Hold tight there, fanatical pastry people, I’m taking a brief break from the cake talk to write about something I love even more: my dogs.
My dog Bosco is the last “child” left at home with my parents. As such, you can imagine how spoiled rotten he is. He is showered with gifts that he doesn’t play with, offered more walks than he knows what to do with and has taken to sleeping in my old bed. Shortly after I moved out of the house, my mom even began covertly cooking him breakfast on occasion. While I thought that this was the first sign of descent into madness ( I love my dog and all, but I’m not making him bacon and eggs), I’ve come to realize that a lot of people cook for their dogs.
I shouldn’t have been so surprised. Los Angeles is the only place I’ve been where dog-friendly offices are commonplace, where public “dog bowls” are more readily available than public water fountains and where, sometimes, we even specifically choose to sit outside at a restaurant because that means that our dogs can come to dinner and sit with us.
I have only used homemade dog food once (and I wasn’t the one who cooked it). I was fostering a dog named Wes that was found on the street. Wes, skin and bones on four legs, needed some fattening up. The non-profit group that I was working with provided me with what looked like white rice fortified with beef, veggies and shmaltz. Big surprise, the pooch loved it. The closest I came to cooking for Wes was stuffing some doggie antacids in a big wad of peanut butter.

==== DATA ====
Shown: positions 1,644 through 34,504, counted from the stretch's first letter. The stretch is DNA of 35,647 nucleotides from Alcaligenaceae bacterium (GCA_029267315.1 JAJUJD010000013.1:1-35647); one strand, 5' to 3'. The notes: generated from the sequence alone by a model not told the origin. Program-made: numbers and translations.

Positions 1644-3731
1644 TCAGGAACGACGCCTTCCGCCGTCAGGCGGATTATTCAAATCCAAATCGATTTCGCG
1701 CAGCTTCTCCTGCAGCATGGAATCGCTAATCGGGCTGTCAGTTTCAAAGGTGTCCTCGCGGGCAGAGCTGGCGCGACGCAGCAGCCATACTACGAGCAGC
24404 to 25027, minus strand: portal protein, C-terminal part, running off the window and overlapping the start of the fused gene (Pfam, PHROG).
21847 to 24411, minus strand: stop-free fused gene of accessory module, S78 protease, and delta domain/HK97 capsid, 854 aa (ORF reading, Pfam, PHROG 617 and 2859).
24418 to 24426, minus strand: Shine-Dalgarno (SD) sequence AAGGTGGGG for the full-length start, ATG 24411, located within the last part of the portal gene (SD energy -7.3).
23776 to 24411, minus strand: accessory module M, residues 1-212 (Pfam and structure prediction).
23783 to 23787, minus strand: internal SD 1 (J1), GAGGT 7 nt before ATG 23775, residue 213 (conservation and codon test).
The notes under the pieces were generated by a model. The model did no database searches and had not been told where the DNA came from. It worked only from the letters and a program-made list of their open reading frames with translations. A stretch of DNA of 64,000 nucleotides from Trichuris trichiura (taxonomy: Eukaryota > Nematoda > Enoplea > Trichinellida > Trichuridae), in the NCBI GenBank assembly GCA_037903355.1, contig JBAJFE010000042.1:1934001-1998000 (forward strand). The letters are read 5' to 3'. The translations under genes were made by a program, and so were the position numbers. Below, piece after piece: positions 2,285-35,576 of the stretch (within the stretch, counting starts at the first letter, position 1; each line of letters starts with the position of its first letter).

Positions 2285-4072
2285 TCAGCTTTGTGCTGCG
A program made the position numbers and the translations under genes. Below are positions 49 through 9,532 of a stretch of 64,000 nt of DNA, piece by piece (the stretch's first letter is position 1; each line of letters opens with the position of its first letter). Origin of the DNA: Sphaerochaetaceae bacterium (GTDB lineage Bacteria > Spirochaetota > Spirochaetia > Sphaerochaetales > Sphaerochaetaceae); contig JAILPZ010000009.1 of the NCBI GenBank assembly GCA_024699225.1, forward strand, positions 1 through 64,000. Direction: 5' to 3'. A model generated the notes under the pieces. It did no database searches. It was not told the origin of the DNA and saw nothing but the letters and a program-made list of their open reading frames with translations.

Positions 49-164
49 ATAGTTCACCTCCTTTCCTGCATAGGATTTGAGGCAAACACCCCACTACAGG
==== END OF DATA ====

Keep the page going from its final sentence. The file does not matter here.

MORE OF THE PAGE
Obviously, if you are making your own pet food, you can determine the quality of the ingredients and where they come from. For me, the line is drawn at giving the dog leftovers from a, well, a doggy bag. But I would still like to know that I’m doing right by the environment when it comes to feeding the dog. How difficult could it be to find organic dog food in the land of posh pooches?
Not difficult at all. A recent trip to the pet store, accompanied with a single Google search brought up a litany of options. Many local pet stores and even some natural food stores carry eco-friendly options. Look for USDA certified food (find this logo on the packaging). You can find dog food without harmful chemicals, made with free range meat (or vegan options) and even packaged in recycled paper (which was a big “duh” moment to me). Obviously buying in bulk will also cut your packaging, assuming you can carry massive kibble quantities.
It would stand to reason that the same environmental and health benefits gleaned from eating organic food would also be gained by your dog eating organic food, but obviously you should consult your vet, not me, before you switch up ol’ Benji’s grub.
There are environmental responsibilities that come with pet ownership in the city, e.g., pick up the poo, please. Additionally, I’ll give my bit about adopting a shelter dog in need of a home instead spending thousands in a pet store.
And to the new readers out there: sit, stay, and clean your plate please.
Let the cake talk resume.